The animals will be launched aboard a SpaceX Falcon 9 rocket, most likely on June 3, according to the Daily Mail, citing NASA. Other payloads will also be delivered to the ISS, in particular chips, using which astronauts will study the effects of microgravity on plants and the formation of kidney stones.
The Hawaiian short-tailed squid (Euprymna scolopes) will participate in research that will show the effects of space flight on the molecular and chemical interactions between beneficial microbes and their host animals. The experiment should help come up with new ways to keep astronauts healthy on long missions. The hero of the study, the Hawaiian short-tailed squid, is known for pretending to be the reflection of the moon in the water during the night hunting. He succeeds in this thanks to luminescent bacteria that live in a special light organ and help their owner not only to seek food, but also to maintain some vital functions.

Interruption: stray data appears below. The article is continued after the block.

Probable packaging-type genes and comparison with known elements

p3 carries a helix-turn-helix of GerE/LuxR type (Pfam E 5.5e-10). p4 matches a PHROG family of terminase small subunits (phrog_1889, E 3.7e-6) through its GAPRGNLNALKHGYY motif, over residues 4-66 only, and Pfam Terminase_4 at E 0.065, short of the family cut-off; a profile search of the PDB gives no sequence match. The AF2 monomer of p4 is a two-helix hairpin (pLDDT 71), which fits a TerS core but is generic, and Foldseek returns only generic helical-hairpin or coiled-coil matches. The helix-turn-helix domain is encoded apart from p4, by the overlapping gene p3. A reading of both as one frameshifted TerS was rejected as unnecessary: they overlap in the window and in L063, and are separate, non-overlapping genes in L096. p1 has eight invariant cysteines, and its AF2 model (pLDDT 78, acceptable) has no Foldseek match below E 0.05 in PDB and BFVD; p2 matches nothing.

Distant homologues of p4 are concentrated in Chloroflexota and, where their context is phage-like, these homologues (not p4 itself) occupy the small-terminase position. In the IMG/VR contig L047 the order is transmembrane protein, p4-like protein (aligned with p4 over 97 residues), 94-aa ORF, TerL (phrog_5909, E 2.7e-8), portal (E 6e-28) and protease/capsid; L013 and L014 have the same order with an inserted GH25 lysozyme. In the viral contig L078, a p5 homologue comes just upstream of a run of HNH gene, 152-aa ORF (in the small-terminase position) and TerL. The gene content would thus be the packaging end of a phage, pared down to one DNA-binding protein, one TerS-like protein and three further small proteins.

In addition, the crew members of the ISS will study another notable animal, the tardigrade, to identify genes that ensure survival in stressful environments. Tardigrades, also known as tardigrades, are known as the most tenacious animal on Earth. It is almost impossible to kill them - the tardigrade can be frozen, boiled, crushed, irradiated, and still it will survive. Having identified the capabilities of tardigrades that contribute to this, NASA scientists hope to adapt them to protect people.
Kidney stones are a disease that often affects astronauts: more than 30 space mission participants have complained about their appearance after the flight. To better understand what causes the formation of stones, chips are sent to the ISS with 3D models of kidney cells: astronauts will track their changes in microgravity.
Finally, among the payloads, cotton is a plant that has a gene that allows it to thrive during droughts and other stressful conditions. Scientists intend to investigate how the expression of cotton genes can be changed in order to grow a good harvest with a minimum of watering and pesticides.